Discussion in 'General Television' started by anonymous, Jan 11, 2016.
Series looks cool, are books any good?
I've never read them but my hubby liked 'em.
We plan to watch the series too.
let's hope series will not be crappy, as most are... e.g. The Sword of Truth...
well 4 ep in and I liked it. SoT was so shit omg.
It all depends on the writers who adapt the story for the screen and the budget. Hopefully they do a decent job.
It's uber cliché, hey? I like to see some maturish fantasy drama, though. The well-done violence makes it watchable.
I mean, hippy elves, a Forgotten Realms druid, a dickhead male protagonist who's getting multiple hot girls despite being neither skilled nor wealthy. Makes you want to vomit, no?
Well to be honest from a TV series is all I need. Good high fantasy series are so rare these days.
And for that you have Song of Ice and Fire
I don't understand why they didn't make something intelligent, though. They plainly had the resources. How the F**K does this stuff make it to the screen? Abysmal.
Prob. can't get any worse than SoT tho..xD Should read the books first
The problem is that the core material is badly written.
I get the feeling that MTV is trying desperately to cash in on the popularity of Game of Thrones, and doing it on a very tight budget by adapting books that were never that good anyway.
Well was shannara really that bad? Im listening to it atm, and it does not seem so bad.
But yea the trend is real - SyFy Magicians, shit books, shit series.
IMHO Shanara books 1 and 3 were quite ok..., 2nd kinda boring... did not read more than that... But it cannot be compared with R. Jordan's, B. Sanderson's or G.R. R. Martin's stuff...
for them to be Quite ok you have a funny steam name
Why is it so hard to make television show, game, or movie that stays true to the source material. I was giving this show a chance despite a million things that irked me to no end right up until they revealed that "Utopia" has working electricity and then I turned it off. This isn't Shannara, this is Fallout with magic.
The problems come from many sources including:
1) TV shows have formulas and theories of good success which often don't well translate when you try to re-tell a story over the top of them. A common one is that a series, especially the first, is done without any guarantee of a followup series. Furthermore some get killed part way through (Firefly!).
As a result writers want to have a first series that ties itself up nicely at the end; but also presents episodes throughout that are not going to lose poeple who only just picked it up story wise.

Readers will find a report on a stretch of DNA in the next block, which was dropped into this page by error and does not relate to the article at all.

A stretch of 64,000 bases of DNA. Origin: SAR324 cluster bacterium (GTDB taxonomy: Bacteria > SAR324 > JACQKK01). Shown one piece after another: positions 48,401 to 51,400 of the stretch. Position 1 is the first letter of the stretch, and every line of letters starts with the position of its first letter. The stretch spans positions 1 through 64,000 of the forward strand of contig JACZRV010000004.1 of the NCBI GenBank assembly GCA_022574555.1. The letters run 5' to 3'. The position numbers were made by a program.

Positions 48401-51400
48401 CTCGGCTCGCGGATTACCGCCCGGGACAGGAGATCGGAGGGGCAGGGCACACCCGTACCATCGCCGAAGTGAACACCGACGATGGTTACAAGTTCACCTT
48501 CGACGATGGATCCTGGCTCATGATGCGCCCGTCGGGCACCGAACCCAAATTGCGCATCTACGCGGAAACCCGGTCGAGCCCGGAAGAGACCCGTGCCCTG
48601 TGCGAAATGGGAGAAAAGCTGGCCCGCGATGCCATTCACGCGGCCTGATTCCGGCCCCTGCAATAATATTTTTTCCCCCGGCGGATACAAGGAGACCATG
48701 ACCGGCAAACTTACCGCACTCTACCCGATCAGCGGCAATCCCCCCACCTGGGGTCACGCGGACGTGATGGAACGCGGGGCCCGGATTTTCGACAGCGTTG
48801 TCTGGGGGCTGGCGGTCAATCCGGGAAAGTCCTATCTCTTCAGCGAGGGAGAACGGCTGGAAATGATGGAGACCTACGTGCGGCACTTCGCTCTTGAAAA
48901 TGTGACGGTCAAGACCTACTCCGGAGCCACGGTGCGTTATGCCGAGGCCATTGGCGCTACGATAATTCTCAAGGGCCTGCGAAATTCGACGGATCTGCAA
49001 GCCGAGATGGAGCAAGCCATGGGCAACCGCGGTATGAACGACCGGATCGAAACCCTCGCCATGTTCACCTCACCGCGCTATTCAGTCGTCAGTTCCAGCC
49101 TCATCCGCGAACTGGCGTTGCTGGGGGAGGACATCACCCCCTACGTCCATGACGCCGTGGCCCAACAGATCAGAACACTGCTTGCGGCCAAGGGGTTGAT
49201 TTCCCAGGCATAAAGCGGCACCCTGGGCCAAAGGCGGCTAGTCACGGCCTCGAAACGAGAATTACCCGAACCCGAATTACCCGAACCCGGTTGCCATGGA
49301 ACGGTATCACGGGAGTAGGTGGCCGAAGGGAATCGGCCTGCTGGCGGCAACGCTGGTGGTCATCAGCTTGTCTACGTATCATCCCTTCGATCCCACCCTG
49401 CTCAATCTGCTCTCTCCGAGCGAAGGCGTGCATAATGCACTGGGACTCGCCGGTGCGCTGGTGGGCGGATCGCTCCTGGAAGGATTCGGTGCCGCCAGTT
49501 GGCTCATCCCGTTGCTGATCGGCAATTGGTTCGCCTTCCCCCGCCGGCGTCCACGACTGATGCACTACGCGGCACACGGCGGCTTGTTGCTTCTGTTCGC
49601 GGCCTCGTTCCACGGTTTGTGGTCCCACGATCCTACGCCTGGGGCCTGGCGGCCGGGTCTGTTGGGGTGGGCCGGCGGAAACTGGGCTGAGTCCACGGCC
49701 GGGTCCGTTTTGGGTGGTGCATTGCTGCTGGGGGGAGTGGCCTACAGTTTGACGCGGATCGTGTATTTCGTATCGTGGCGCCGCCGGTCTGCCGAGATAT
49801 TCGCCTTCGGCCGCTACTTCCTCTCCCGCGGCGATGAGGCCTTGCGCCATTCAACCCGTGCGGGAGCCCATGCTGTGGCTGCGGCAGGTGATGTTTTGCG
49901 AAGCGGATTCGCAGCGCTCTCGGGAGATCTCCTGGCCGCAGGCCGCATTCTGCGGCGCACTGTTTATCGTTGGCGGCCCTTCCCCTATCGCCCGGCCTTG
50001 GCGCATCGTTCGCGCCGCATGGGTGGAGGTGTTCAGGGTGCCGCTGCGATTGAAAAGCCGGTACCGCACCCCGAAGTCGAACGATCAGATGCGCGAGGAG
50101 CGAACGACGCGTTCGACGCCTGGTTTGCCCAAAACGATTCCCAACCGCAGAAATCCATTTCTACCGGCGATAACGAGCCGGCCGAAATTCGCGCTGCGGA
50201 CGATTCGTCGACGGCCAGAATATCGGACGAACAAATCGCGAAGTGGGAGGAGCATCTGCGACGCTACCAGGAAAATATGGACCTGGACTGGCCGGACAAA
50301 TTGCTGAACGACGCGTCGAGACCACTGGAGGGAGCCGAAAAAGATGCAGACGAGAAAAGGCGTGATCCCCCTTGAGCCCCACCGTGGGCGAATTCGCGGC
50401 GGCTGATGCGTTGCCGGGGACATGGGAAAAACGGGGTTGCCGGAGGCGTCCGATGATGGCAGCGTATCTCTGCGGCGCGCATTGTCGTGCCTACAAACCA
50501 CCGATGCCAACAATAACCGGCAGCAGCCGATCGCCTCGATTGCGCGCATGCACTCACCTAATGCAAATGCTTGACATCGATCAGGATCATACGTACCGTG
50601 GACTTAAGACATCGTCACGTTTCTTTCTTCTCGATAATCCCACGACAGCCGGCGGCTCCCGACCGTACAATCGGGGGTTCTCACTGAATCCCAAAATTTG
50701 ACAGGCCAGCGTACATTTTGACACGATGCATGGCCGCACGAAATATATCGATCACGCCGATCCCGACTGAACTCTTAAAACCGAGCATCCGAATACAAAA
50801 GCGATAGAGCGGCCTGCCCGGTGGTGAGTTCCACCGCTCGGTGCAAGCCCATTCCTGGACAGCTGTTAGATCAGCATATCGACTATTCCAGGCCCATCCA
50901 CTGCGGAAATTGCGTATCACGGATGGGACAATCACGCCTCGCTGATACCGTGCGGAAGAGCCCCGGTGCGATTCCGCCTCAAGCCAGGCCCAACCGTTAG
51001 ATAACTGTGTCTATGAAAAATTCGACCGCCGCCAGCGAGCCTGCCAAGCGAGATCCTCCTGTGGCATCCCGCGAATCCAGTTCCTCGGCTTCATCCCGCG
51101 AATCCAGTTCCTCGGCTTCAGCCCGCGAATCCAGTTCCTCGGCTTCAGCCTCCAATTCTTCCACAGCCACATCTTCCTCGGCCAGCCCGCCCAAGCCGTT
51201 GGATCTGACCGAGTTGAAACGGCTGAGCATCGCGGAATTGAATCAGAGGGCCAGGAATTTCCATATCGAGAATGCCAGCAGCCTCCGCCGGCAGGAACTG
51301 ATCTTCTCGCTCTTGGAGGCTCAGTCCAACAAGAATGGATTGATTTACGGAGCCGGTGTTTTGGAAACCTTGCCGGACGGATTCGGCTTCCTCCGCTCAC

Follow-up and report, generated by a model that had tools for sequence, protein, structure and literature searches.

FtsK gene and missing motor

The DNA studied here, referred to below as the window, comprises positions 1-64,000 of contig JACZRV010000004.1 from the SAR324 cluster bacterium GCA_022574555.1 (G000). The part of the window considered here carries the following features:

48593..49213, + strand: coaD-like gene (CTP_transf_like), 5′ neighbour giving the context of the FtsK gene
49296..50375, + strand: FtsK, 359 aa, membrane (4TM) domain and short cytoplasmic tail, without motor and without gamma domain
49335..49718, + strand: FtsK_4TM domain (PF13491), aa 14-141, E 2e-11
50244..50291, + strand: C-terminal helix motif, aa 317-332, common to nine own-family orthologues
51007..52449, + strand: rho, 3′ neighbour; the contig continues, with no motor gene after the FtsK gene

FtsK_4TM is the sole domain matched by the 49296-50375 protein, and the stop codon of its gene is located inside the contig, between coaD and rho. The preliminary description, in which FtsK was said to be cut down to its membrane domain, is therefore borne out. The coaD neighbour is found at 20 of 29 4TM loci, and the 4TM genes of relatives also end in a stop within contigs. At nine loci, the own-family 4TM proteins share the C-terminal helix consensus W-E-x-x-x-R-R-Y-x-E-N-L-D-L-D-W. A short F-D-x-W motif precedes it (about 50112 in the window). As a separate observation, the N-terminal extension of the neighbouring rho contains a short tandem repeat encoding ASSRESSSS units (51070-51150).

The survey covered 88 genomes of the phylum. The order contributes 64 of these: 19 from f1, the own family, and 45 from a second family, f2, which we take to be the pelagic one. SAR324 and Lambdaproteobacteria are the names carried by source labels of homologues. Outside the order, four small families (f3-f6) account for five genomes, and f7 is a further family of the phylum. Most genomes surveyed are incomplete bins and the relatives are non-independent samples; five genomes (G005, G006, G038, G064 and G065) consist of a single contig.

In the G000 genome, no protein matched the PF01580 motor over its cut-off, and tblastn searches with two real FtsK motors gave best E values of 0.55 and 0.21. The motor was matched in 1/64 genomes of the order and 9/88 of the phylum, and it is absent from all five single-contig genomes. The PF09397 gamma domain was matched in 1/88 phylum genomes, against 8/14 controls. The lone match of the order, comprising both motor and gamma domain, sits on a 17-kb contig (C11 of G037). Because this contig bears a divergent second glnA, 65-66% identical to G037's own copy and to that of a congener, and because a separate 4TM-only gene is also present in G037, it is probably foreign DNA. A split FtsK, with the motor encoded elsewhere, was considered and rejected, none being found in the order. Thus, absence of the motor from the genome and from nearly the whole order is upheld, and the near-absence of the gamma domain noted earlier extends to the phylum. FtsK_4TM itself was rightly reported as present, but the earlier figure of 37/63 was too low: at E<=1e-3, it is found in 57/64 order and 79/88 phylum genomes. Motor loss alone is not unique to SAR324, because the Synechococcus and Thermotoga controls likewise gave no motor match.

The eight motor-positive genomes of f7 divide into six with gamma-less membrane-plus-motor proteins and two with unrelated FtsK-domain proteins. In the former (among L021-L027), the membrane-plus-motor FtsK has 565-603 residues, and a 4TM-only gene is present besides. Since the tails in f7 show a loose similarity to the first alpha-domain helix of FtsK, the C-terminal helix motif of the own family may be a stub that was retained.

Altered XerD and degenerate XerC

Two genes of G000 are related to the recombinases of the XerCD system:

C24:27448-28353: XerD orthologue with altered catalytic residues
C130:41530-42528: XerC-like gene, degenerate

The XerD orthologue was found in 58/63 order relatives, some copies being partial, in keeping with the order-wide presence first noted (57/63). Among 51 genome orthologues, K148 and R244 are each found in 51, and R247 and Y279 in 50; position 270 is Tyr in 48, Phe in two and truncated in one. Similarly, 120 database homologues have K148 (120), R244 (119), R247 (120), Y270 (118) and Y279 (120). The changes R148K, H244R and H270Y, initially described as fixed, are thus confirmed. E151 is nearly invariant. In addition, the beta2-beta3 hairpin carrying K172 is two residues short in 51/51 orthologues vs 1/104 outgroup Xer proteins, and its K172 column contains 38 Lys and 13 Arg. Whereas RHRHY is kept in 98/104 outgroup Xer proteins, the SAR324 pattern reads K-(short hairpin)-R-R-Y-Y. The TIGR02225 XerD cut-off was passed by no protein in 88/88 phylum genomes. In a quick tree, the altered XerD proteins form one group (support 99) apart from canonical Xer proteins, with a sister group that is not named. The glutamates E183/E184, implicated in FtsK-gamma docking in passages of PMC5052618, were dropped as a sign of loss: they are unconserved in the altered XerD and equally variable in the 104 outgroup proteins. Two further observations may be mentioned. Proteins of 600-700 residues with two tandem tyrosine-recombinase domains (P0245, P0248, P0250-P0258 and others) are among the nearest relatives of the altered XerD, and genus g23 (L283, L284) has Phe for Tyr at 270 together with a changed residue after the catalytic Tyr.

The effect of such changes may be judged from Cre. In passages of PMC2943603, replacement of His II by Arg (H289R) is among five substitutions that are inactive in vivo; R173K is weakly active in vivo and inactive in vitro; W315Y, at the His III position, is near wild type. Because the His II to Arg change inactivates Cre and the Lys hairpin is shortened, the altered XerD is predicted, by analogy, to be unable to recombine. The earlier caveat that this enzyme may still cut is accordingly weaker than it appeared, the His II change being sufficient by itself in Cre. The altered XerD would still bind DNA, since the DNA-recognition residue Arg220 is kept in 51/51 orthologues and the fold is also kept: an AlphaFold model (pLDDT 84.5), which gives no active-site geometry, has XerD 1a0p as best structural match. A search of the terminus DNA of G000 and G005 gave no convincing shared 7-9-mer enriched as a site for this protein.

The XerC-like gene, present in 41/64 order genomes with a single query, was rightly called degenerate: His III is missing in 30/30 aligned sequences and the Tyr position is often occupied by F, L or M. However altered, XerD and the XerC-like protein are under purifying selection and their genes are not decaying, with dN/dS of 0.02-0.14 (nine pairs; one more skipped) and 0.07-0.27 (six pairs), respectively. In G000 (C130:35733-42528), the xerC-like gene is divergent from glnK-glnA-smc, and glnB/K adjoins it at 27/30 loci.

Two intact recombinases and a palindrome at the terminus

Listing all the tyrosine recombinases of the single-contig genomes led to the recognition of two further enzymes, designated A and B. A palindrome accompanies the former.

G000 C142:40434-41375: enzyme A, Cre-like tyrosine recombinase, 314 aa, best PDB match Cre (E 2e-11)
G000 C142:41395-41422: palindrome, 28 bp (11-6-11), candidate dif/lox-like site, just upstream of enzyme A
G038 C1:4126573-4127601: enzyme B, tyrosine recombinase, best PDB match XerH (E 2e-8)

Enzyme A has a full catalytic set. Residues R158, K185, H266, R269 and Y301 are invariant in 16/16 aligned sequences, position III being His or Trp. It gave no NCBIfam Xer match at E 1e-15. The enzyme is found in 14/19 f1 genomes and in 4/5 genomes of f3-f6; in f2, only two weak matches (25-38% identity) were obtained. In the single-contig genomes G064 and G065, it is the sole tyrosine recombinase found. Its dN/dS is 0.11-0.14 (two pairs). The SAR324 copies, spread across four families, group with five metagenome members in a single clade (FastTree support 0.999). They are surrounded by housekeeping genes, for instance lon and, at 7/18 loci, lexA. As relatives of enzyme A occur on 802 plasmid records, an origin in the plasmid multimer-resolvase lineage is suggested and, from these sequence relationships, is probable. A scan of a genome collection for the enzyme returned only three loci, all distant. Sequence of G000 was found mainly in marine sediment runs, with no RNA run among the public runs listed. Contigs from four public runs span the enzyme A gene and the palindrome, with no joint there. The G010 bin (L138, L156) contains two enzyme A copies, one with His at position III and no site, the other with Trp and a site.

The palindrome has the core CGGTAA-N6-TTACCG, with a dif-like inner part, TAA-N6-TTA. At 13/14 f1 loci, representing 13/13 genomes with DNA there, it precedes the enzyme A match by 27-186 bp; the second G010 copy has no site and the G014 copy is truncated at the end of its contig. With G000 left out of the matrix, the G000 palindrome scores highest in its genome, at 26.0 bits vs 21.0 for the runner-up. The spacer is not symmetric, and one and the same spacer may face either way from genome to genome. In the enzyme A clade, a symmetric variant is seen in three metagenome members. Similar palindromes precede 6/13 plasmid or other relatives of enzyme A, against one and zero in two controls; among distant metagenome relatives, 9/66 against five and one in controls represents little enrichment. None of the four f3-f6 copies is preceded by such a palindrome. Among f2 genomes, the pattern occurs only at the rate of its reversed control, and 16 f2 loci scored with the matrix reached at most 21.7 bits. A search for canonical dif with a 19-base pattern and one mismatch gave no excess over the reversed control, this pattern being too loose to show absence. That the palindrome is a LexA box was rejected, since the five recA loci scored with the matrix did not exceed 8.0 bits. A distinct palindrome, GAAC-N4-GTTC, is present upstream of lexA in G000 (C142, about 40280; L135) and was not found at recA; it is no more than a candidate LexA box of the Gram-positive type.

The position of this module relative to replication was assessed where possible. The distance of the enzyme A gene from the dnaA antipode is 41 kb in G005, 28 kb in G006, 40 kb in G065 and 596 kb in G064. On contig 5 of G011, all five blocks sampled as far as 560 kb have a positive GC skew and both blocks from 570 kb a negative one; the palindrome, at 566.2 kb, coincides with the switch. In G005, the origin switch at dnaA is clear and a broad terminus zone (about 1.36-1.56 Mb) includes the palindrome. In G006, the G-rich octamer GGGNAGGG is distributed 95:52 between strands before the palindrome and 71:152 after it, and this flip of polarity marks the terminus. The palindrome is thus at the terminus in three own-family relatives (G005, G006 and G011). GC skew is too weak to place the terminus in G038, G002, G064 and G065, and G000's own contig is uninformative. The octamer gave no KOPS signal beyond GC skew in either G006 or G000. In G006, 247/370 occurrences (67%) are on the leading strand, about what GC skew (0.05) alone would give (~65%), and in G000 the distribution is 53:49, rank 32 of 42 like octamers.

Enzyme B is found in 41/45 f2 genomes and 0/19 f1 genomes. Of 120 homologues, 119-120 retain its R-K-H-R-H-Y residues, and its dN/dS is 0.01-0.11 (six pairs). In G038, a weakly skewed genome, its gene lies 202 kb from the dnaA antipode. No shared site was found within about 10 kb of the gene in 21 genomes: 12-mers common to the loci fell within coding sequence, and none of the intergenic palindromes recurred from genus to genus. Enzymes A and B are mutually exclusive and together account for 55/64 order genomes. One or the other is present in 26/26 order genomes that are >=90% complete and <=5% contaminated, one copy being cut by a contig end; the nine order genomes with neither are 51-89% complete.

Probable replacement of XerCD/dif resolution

2) Writers often only use the source material as a guideline and instant fanbase builder. Once done they are often then more apt to change things toward what they "really" wanted to make but couldn't because it was a unique new thing that wouldn't have had an instant appeal from a pre-existing fanbase.
3) Writers of scripts are only one part of the equation; producers; directors; actors etc.... many people can edit a storyline. Often what can happen is the production companies will impose or restrict certain things based upon what they want of the product. This can very well hack apart a storyline and can result in gaps or missing parts or even huge changes.
4) As small changes build up bigger things have to shift to keep it faithful to itself at the very least. You can see this in nearly any adaptation; whilst some might even keep the end goal in the same place; the small things left out or bits added mean that things have to change to keep it working.
Thus even minor changes early on might break things if what a few in the production system feel isn't needed in an early episode and is thus cut.
5) Cutting to fit time slots. Happens a LOT with films (this is why directors cuts exist) but also TV shows. Productions have to fit slots and sometimes this means bits get cut out to ensure that it fits into that time slot that its allocated. This can mean key things get chopped out - especially if you get to the end of making a season and its running over its time slot and number of episodes.
6) And yep on that note if you've only got X amount of time and episodes you've got to cut and condense things. This is without considering that some things in writing (like visual descriptions) are very quick in film but other things (like mental background info and such) are often very hard and slower to convey. So you can easily run out of time to fit everything in that you want.
Well, that certainly is a comprehensive list, but my question was rhetorical.
Besides which, I think the real answer is that studios are greedy and they'll do anything to cash in on a name, without regard for the actual fans. Which is exactly why the rights are bought and sold left and right in hollywood more often than actual shows are put out and why certain studios have been caught in the past throwing a movie out at the last minute just so they didn't lose said license.
Television is actually the perfect media for these long book series' You're not limited to two hours like an actual movie. If they took the time to pace themselves and put the story out there as its presented, and put out a quality product, the continuity and renewals would take care of themselves.
Don't get me wrong, I understand that some things in books don't translate the same to a television screen, but butchering the spirit of a story because some writer wanted to try something new just disgusts me. Go write your own original story, don't take something I love and destroy it.
I tried to watch this show, but there's so many things that make me cring. I, personally, thought it was really bad, boring, stereotypical. I just stopped watching it after a few episodes.
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